Deep JavaScript Foundations, v3

Function Expression Exercise

Kyle Simpson

Kyle Simpson

You Don't Know JS
Deep JavaScript Foundations, v3

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The "Function Expression Exercise" Lesson is part of the full, Deep JavaScript Foundations, v3 course featured in this preview video. Here's what you'd learn in this lesson:

Students are instructed to write a set of comparable functions and function expressions.


Transcript from the "Function Expression Exercise" Lesson

>> Kyle Simpson: So let's jump into our exercise on function expressions. Pull up the readme and the ex.js for the function expressions exercise. In this exercise, you're gonna be writing some functions and also some function expressions. And these functions are gonna be managing some student enrollment records for our workshop.

The spirit of the exercise is that you're gonna be using what we've learned about named functions and using functions wherever possible. So you wanna be using things like map and filter and find instead of your old school for loops. You wanna use functions wherever possible. This is broken up into two parts, this exercise.

First, complete part one and then complete part two. We'll come back, when we come back we will explain the solution for both so you will have time to work on both parts. In part one, what you're gonna do is write a function declarations and named function expressions according to the instructions here, and I'll go over those in a moment.

In part two, what you're going to do is rewrite all of those functions that you did as arrow functions. The purpose of part one and part two is for you to have a side by side comparison of the differences in code readability and functionality between using named functions and using arrow functions, okay?

So there won't be any difference in behavior, just simply a difference in code style between those two parts.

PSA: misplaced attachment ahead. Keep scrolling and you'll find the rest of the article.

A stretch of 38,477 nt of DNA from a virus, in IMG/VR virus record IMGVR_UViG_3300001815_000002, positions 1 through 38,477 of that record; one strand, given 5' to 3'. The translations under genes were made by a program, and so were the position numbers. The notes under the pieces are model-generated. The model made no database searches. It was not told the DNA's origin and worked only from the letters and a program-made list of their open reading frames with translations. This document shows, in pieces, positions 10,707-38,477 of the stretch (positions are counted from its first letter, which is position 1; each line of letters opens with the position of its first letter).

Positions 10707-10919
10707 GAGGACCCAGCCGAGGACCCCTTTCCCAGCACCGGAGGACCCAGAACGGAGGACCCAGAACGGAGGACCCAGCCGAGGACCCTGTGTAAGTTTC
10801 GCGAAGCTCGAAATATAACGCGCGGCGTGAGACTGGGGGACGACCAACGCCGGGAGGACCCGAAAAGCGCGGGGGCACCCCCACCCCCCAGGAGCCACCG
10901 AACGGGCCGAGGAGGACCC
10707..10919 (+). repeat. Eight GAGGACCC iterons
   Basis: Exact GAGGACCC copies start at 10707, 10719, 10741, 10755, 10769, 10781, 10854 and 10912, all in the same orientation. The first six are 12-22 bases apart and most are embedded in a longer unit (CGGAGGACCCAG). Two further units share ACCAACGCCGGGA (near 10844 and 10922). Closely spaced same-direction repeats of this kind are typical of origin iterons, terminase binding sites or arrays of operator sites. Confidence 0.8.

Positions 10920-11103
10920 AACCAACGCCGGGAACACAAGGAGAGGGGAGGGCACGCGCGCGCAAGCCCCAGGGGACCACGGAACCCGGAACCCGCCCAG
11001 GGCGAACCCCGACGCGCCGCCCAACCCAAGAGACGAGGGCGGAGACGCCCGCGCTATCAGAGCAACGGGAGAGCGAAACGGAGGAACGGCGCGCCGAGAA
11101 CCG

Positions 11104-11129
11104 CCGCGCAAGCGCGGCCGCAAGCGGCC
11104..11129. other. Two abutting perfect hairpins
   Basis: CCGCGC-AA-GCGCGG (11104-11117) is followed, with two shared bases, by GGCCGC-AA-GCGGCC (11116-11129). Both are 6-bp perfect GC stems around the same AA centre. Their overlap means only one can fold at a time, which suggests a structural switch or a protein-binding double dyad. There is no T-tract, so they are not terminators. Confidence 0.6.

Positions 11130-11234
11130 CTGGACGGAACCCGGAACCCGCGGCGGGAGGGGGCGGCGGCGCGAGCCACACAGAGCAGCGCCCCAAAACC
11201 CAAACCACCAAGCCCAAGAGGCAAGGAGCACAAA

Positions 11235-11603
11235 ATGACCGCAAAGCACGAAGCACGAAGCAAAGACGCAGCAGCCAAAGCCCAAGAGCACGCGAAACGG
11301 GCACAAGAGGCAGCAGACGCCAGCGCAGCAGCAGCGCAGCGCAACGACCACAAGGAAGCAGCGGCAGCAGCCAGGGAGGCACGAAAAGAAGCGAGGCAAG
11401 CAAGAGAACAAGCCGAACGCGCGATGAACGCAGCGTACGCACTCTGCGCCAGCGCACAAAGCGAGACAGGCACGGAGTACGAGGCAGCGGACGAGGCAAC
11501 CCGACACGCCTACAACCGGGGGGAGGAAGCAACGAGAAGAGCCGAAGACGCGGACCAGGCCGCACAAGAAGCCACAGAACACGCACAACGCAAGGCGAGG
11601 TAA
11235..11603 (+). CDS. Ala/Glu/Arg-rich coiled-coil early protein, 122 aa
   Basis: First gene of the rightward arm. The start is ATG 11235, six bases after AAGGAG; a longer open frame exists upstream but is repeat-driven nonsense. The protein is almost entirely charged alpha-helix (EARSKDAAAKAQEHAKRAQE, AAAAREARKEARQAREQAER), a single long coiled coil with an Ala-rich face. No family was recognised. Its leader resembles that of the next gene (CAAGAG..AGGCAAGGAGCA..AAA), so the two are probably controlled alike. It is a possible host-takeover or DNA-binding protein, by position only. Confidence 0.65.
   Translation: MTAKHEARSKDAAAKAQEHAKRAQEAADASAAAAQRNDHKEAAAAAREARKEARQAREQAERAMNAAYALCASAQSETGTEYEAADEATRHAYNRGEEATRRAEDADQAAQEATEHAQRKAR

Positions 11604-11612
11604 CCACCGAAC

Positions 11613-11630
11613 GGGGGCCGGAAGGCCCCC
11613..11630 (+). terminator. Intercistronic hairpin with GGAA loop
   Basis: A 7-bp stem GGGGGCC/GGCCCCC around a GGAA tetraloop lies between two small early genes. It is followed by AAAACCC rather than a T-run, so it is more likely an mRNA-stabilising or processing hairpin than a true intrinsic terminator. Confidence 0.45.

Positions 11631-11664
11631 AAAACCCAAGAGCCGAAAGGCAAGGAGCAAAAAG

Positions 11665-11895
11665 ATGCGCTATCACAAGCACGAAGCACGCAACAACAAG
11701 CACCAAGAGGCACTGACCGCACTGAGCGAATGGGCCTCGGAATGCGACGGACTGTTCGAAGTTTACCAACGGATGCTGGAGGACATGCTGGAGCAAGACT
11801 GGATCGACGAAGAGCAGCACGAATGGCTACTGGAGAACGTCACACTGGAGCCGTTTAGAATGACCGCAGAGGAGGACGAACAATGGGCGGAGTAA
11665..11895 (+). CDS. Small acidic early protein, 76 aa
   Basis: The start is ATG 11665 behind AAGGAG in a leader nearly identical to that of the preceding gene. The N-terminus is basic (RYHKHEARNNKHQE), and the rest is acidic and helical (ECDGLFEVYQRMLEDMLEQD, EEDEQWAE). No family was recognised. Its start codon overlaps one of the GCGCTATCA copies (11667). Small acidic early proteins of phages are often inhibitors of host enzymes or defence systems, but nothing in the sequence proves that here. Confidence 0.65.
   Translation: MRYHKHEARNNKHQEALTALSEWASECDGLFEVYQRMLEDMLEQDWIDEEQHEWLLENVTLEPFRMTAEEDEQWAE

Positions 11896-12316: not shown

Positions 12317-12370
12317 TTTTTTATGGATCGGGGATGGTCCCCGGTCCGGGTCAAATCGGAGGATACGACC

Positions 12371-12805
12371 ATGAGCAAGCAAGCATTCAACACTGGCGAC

>> Kyle Simpson: The main functionality that you need to implement is that there are three functions, called printRecords, paidStudentsToEnroll, and remain, I'm sorry, remindUnpaid. Those three functions have been stubbed out in the ex.js file.

They're there for you, you see what they receive as arguments, I mean, as parameters. But you need to implement those according to what the readme says. And you'll notice that those functions are already called for you, so here I've called printRecords. I call paidStudentsToEnroll and I call remindUnpaid and the output that is expected is here in this code comment.

So your output needs to match this output, okay? What printRecords does is it takes a list of student IDs. So it's gonna take an array of student IDs as you see here, we are passing in an array of student IDs called currentEnrollment. So printRecords takes a list of student IDs and needs to retrieve each student record.

Those are stored in the studentRecords array. Retrieve each record by ID, and there's a hint there than you can use array find. Sorted by the student name, ascending. You can use array sort, but you're gonna have to use a custom function. And then print each record to the console or the console log statement including their name, their ID, and whether or not they're paid.

That's what that function does. Number two, the paid students to enroll function looks through all the student records and checks to see if any of them are paid but not yet enrolled. Meaning they're not yet in the currentEnrollment array, their ID isn't there. Collect those IDs and then return a new array with the previously enrolled IDs plus the new ones.

So, it doesn't modify, it returns a new array. And finally, the remindUnpaid is you're gonna take a list of student IDs and filter that list to only ones whose records are in the unpaid status. And then pass that list back to our printRecords from item one to print out only the students that are unpaid.

Okay, so this is part one of the exercise and again, part two, you don't change any behavior, you just simply rewrite it with arrow functions. Generally speaking, part one should take you about 15 minutes and part two should take you about five minutes. So overall we would take about 20 minutes to do this exercise.

So we'll break now, let you have a chance to work on exercise part one and part two. I'd recommend putting your solutions in two separate files so that you can compare and contrast them. We'll come back in a little bit and talk through the solution to this exercise.

Reminder that if you get stuck and you need a little bit of a hand through you just like to cheat, the solutions files are there in EXfix-1 and EXfix-2.

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